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Article
Principles of leading change: An inductive analysis from Post-Katrina New Orleans
Policy Futures in Education (2014)
  • Brian R. Beabout, University of New Orleans
Abstract
Despite over forty years of research on theories of educational change, little is known of the change theories-in-use of school-based administrators, often tasked with implementing externally imposed reform mandates. Capitalizing on the unique case of post-Katrina schooling, this qualitative study examines the ways in which ten principals spoke about leading change in their schools. In a city where the district has been almost wholly decentralized, these principals are not implementing changes decided upon by superiors, but have significant autonomy in their choice of change goals and change processes. Despite rarely finding unitary theories of change in the words of New Orleans' school leaders, six principles of leading change were identified: collaboration, community connections, generating public support, meeting student needs, setting goals and meeting them, and improving instruction. Conclusions are drawn about leading change at the school-site level, and implications for leader preparation and support are also included.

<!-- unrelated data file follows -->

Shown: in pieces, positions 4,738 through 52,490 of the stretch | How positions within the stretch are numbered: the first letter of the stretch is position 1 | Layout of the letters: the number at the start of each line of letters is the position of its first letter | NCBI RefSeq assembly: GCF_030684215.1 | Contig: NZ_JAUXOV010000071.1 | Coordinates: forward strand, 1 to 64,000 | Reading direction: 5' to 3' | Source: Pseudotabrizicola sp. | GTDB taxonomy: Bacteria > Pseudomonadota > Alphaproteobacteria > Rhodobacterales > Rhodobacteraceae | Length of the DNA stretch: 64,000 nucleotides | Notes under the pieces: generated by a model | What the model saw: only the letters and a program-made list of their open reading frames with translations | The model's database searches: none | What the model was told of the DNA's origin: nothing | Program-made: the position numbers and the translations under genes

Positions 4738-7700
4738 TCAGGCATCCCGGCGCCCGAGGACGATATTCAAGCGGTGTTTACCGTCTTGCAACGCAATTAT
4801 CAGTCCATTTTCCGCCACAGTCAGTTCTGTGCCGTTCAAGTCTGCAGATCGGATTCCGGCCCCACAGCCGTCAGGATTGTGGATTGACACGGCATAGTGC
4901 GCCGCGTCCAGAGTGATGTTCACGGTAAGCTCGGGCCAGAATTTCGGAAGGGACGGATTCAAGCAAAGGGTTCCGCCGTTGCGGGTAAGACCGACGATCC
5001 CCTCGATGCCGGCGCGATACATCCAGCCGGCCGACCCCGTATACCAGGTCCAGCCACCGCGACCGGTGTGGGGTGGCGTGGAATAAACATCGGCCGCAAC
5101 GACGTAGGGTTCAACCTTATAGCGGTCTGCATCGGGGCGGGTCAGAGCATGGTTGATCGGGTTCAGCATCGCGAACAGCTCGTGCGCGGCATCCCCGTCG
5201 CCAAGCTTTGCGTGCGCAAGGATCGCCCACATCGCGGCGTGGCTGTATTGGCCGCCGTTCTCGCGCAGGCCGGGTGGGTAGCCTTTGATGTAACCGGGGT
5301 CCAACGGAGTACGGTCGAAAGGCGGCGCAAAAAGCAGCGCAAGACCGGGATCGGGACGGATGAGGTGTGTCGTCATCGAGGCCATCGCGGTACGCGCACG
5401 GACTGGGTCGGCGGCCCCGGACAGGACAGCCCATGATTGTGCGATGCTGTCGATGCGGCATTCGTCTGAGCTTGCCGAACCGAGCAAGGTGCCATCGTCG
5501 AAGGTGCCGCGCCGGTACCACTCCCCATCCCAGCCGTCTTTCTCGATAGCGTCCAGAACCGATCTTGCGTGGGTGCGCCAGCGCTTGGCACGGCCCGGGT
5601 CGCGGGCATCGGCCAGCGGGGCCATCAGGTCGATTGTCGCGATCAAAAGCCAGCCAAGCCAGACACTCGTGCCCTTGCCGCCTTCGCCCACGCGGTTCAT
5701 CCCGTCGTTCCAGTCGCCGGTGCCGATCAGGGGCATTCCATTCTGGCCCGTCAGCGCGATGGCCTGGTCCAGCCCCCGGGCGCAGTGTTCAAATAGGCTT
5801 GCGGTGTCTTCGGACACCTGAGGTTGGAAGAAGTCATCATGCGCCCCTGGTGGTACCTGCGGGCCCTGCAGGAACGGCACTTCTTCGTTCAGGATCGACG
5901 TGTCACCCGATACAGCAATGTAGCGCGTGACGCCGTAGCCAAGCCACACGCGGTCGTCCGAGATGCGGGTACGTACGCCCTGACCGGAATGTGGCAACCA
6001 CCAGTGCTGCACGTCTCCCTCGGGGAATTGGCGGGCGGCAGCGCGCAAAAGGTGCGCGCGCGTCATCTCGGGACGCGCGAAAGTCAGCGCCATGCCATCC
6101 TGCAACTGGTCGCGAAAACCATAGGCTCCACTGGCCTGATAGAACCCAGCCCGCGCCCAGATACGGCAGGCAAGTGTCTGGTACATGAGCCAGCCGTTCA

Keywords
  • educational change,
  • theories-in-use,
  • school leadership
Publication Date
2014
Citation Information
Brian R. Beabout. "Principles of leading change: An inductive analysis from Post-Katrina New Orleans" Policy Futures in Education Vol. 12 Iss. 8 (2014)
Available at: http://works.bepress.com/beabout/14/